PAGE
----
Do Beacons Track You? No, You Track Beacons
BuzzFeed News today reports that phone booths in NYC are tracking people and can send them ads.
Let’s explain this rapidly spreading new technology we often see described inaccurately.
First, let’s step back and understand how your phone or apps on your phone that you grant permission to access your location are able to determine where you are.
In general, there are a number of useful reasons for your phone to know its location. Location can be useful to find a lost phone, for example, or so that apps can provide location-related services like map services, finding friends nearby or location specific offers.
Apps can access your phone’s location services – with your permission. iPhone apps must use Apple’s location services, while Google Play apps generally use Google’s location services. These location services leverage GPS signals and the location of nearby cell towers to estimate where you are. In recent years, these location services also began noting the MAC addresses of nearby Wi-Fi networks, adding additional precision. These can be accurate to within 10-12 feet, depending on your proximity to Wi-Fi routers.
What’s new is the advent of low-powered beacon technologies, where stores, museums, airports or other spaces set up a device that broadcasts a unique code. If your phone has Bluetooth turned on and you download an app that you allow permission to use Bluetooth and location, the app can detect that beacon. If the app has a relationship with the beacon provider, the app can determine more precisely where you are. This enables features like allowing an app to display information on your phone about a certain museum painting when you are front of that painting, or a retailer app or restaurant app or any other app that you have enabled can send precisely targeted offers to your exact location – in front of a display at a store, or in this case, near a specific phone booth. This is possible ONLY if you have given that specific app permission to use notification functions. Your phone also allows you to deny an app access to contact you via notifications.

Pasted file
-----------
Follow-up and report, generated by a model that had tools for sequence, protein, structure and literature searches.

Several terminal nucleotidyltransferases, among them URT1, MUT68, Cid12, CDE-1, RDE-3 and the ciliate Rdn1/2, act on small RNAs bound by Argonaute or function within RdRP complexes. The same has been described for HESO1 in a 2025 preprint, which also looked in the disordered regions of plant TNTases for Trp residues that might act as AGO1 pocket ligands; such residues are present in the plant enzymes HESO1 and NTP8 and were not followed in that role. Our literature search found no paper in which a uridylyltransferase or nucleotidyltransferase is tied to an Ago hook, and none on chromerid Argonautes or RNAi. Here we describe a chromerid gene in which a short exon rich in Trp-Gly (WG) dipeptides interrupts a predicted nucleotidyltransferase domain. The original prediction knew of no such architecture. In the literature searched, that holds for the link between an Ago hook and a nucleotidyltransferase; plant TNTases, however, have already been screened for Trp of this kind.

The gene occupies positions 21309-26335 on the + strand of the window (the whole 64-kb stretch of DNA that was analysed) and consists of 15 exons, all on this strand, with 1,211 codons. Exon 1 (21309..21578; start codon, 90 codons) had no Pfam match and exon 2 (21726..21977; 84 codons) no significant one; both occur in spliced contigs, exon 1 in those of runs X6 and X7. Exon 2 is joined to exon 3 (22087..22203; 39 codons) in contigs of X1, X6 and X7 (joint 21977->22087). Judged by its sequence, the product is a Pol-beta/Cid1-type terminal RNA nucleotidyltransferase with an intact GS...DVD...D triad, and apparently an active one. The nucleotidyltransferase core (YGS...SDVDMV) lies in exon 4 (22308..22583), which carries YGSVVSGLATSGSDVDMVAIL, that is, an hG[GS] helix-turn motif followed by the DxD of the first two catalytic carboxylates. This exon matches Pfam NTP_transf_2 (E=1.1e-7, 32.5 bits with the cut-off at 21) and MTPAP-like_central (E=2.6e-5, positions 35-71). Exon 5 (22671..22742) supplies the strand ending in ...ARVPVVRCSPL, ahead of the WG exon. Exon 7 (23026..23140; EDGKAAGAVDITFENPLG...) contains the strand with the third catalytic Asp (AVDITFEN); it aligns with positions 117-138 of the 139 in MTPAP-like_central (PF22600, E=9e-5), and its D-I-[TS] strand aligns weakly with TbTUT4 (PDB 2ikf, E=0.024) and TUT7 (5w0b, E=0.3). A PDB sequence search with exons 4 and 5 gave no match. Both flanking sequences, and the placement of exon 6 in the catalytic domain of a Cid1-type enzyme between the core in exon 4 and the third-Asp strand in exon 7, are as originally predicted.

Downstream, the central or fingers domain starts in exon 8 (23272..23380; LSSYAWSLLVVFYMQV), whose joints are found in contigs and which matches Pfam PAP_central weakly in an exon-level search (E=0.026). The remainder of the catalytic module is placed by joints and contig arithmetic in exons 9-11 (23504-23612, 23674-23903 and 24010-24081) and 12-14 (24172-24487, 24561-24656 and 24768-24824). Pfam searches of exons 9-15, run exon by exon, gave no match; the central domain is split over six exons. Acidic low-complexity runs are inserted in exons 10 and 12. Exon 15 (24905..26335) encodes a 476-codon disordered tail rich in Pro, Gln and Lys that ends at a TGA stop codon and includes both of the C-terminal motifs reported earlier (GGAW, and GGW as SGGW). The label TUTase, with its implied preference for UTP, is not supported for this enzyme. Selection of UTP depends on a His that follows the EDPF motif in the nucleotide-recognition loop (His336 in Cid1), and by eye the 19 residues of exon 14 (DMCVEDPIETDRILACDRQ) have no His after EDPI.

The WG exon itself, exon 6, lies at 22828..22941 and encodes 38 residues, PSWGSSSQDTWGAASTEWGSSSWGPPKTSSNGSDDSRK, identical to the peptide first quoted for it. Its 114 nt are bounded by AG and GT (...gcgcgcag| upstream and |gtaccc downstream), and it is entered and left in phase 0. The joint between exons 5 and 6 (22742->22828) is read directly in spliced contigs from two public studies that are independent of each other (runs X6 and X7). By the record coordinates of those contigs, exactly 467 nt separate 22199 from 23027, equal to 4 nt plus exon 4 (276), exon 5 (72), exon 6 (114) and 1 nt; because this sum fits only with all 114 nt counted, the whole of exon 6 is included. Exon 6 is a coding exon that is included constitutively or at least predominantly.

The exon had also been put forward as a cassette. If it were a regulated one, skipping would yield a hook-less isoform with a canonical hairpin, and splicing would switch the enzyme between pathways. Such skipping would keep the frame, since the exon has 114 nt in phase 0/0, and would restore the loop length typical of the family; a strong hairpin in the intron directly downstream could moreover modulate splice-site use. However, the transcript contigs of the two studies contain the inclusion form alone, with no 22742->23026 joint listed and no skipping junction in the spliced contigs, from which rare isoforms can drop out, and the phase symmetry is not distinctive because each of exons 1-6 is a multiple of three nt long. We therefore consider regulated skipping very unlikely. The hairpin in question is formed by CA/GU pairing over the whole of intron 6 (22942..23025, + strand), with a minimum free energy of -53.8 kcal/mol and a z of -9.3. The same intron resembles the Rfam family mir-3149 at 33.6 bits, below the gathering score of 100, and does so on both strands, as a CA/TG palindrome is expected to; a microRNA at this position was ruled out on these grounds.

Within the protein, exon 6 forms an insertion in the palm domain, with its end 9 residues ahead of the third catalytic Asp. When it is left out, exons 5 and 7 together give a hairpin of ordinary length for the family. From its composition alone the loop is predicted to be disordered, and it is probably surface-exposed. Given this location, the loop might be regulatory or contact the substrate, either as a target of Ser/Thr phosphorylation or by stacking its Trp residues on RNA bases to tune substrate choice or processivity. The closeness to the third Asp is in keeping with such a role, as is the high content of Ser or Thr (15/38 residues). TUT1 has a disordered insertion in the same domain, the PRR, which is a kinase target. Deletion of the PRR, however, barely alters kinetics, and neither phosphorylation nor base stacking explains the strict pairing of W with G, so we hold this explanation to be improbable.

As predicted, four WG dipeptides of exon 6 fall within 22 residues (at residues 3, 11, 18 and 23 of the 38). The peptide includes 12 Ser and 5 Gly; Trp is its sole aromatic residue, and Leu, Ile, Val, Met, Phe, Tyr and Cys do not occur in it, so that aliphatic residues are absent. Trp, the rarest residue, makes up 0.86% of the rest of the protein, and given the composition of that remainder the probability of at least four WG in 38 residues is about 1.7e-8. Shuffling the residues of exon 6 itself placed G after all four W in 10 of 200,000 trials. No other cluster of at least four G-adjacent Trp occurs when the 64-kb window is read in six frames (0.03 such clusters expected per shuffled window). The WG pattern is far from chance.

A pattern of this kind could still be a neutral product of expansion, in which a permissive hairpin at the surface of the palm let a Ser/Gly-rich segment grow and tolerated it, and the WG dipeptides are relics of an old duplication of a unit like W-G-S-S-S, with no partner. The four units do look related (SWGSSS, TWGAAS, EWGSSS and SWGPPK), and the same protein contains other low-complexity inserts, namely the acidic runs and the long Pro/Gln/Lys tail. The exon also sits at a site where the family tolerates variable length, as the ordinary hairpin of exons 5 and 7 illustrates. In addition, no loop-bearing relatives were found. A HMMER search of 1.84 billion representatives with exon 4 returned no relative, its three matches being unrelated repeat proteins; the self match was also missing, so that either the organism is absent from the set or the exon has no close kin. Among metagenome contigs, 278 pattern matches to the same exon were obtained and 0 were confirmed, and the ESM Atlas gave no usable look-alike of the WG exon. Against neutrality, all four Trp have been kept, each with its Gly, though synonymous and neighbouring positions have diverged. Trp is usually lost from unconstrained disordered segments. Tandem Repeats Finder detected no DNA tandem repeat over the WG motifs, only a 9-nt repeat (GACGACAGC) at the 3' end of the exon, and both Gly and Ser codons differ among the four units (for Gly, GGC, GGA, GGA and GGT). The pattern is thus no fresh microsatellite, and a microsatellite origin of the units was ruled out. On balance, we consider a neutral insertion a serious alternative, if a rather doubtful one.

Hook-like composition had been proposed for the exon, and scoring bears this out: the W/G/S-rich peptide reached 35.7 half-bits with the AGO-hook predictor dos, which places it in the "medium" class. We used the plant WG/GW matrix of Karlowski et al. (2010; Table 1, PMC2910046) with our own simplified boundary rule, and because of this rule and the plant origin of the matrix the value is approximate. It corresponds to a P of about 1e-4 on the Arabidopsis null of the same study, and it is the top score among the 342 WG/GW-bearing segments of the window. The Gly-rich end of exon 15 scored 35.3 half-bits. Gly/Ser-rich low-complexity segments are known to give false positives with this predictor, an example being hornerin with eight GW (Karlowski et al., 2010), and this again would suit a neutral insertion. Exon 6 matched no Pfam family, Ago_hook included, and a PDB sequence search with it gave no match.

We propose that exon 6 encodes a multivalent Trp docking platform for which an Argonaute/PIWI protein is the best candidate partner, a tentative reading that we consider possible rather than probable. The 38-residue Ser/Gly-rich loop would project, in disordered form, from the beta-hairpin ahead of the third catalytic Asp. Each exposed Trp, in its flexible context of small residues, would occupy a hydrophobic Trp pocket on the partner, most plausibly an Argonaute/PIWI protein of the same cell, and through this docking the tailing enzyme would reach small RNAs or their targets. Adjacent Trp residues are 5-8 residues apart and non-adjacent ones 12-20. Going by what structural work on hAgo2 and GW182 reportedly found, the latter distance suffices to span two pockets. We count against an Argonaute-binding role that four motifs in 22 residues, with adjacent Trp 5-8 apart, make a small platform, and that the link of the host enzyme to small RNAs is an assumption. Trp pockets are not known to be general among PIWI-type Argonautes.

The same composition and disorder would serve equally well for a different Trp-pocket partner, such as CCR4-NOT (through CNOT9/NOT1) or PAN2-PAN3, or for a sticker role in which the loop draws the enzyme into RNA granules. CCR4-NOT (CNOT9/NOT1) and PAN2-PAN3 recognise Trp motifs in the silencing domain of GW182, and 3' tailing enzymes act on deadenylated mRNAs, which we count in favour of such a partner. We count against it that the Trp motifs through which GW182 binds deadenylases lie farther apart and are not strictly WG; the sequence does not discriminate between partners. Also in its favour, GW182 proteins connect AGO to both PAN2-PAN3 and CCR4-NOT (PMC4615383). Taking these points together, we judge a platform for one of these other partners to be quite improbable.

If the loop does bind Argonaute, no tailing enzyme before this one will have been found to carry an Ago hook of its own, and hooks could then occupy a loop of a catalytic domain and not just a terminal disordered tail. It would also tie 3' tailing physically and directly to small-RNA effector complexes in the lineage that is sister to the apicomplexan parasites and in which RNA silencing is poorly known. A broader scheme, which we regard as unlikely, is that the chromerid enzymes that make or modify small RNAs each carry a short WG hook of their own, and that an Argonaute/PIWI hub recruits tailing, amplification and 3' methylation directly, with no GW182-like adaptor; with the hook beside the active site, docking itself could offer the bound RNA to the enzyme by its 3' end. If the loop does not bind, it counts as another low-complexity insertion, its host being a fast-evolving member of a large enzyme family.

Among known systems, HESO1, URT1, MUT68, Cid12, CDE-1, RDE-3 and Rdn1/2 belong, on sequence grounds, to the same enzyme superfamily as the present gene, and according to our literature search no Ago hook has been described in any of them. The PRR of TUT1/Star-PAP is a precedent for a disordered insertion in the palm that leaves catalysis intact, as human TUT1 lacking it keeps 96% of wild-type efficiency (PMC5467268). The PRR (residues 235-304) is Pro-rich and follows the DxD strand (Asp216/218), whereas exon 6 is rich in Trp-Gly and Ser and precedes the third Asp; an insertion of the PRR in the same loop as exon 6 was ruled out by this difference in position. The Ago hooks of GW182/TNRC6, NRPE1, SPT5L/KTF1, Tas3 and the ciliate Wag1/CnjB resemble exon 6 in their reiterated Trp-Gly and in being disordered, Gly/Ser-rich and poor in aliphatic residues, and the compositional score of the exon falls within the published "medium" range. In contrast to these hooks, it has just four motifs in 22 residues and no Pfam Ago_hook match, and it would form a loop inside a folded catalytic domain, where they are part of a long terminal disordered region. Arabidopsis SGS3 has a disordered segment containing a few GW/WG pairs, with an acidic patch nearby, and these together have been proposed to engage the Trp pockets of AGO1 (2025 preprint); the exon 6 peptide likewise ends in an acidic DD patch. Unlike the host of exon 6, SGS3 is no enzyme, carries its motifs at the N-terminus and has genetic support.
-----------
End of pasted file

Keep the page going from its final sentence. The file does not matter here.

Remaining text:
Beacons themselves don’t collect any data. They do not send marketing messages to your phone. They broadcast location marks that your phone and apps using your phone can take advantage of to understand more precisely where you are.
Unlike mobile location analytics technologies, beacons do not detect or collect MAC addresses. For more info about mobile location analytics, go to smart-places.org.
In short, beacons are not tracking your phone. In fact, your phone is tracking them.
We don’t suggest that beacons or other location technologies don’t raise privacy issues. Apps using location must do an effective job at explaining why and what they collect. Apps “listening” for Bluetooth beacons require that you grant them permission “always.” In iOS 8, users who allow apps to always have location will be reminded by the operating system and invited to turn off location or allow the app to continue to collect location. Apps collecting location, of any sort, should make sure that they have policies to delete the history of a user’s location. There is real work to be done in this area, to ensure that location services are used in ways that benefit users, and properly manage information. A good way to start is by understanding the technology.
Photo: Phil Roeder: Flickr